Newark officials will encourage businesses to limit the number of employees working at any one time as the city begins to reopen from the COVID-19 lockdown, Mayor Ras Baraka said on May 13.
“People are going to get sick when you reopen – that’s going to happen,” Baraka said during a virtual town hall he convened to discuss the impact of the pandemic and the process of restarting the economy. The health care system must be able to handle the new cases and residents “must have room to socially distance,” the mayor added.
He also said reopening would occur in two-week phases, each sector being allowed to reopen 14 days apart. “We want to give ourselves a chance to see if anything spikes,” Baraka explained.
The city will use the benchmarks similar to the milestones the state government is employing to determine when to reopen, including the ability to test individuals for exposure to the virus, contact tracing and isolation, and declining numbers of cases.
Two other participants in the town hall – Carlos Medina, chairman of the Statewide Hispanic Chamber of Commerce of New Jersey and John Harmon, president and chief executive officer of the African American Chamber of Commerce – implored companies to support businesses owned by people of color. Those businesses “don’t have access to years of Rolodexes that other businesses do,” Medina said. He noted that for some companies, 50 percent of their sales come from people of color, but their boards and c-suites do not reflect that diversity.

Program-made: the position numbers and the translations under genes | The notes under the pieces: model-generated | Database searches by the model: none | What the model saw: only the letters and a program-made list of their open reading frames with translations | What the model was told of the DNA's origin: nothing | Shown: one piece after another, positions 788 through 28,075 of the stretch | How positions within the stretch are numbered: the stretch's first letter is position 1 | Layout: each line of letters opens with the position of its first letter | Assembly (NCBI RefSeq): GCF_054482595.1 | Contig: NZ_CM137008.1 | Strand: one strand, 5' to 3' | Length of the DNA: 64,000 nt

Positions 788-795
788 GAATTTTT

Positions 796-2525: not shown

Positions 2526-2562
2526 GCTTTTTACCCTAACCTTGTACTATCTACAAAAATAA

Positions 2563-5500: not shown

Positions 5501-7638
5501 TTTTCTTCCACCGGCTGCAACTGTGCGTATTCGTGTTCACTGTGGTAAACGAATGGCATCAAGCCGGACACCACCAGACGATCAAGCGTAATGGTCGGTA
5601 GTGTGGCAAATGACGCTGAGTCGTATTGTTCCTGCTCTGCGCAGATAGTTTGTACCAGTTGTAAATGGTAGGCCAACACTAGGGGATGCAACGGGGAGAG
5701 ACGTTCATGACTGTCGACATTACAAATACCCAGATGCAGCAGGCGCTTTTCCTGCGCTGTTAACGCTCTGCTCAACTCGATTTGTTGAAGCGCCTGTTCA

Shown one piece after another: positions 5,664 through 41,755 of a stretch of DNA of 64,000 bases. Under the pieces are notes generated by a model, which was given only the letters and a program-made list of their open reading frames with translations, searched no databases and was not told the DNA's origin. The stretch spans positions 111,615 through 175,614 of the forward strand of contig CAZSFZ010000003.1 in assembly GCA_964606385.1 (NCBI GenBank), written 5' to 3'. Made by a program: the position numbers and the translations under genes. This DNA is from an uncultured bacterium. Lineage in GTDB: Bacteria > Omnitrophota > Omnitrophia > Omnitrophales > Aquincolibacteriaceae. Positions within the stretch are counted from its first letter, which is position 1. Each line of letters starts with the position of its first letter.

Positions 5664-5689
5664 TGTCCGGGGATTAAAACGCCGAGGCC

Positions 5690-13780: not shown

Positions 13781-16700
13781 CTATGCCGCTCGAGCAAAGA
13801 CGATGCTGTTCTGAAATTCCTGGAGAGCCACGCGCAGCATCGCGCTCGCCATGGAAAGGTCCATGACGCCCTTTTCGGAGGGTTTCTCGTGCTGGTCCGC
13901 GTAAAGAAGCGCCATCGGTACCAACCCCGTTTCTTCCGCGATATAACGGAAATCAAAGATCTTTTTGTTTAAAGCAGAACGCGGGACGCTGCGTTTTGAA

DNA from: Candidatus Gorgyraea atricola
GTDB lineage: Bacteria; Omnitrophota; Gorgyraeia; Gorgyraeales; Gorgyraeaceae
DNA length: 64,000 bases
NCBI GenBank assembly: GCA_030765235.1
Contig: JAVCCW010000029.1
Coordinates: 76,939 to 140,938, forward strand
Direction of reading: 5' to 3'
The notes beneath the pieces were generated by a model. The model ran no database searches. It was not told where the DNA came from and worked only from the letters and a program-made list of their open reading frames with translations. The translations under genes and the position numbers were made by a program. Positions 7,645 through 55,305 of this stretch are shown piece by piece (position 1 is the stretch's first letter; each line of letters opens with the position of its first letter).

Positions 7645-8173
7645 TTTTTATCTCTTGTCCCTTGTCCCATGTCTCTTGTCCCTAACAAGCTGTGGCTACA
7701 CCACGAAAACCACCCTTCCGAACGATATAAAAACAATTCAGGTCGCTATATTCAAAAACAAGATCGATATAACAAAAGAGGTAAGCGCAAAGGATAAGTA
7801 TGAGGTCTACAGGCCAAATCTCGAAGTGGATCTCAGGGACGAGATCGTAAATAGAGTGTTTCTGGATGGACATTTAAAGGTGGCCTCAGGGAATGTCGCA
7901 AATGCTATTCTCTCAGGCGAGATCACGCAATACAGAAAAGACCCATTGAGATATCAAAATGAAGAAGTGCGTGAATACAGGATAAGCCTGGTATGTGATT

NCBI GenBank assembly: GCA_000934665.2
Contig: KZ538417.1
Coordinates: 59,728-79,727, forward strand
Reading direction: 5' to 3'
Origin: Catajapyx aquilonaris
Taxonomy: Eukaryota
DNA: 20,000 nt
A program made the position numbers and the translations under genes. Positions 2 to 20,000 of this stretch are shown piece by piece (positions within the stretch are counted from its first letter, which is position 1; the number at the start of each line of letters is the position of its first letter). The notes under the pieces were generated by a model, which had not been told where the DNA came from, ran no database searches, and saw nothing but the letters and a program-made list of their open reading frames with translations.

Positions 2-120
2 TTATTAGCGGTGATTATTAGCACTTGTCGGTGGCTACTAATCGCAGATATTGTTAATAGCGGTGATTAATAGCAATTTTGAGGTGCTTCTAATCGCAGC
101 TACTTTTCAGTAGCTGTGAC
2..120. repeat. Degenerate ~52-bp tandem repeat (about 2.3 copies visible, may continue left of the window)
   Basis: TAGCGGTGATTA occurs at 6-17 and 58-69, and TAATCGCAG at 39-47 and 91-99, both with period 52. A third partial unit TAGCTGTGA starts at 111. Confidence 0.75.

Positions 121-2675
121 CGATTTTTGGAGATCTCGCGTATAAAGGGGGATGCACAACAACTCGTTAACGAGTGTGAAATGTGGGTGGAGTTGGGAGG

“We also need to pressure our members to work together, to shop for that insurance agent or shop for that attorney who is diverse,” Medina added.
State Sen. Teresa Ruiz, D-29th District, said she was reluctant to talk about reopening because she believes the Legislature should work on ensuring that all communities are treated equitably. In any event, she said, “I can’t tell you what the state of New Jersey’s reopening will look like. It’s a never-ending, moving marker in the sand.”
Other participants were state Sen. Ronald Rice, D-28th District; state Education Commissioner and incoming Kean University president Lamont Repollet; and pulmonary critical care physician and founder of OBHealthy Dr. Omar Bey. The event was moderated by Barbara George Johnson, executive director of the John S. Watson Institute for Public Policy at Thomas Edison State University.
A recording of the event, titled “Reopening: Our Resurgence from COVID-19” is available on Newark’s Facebook page.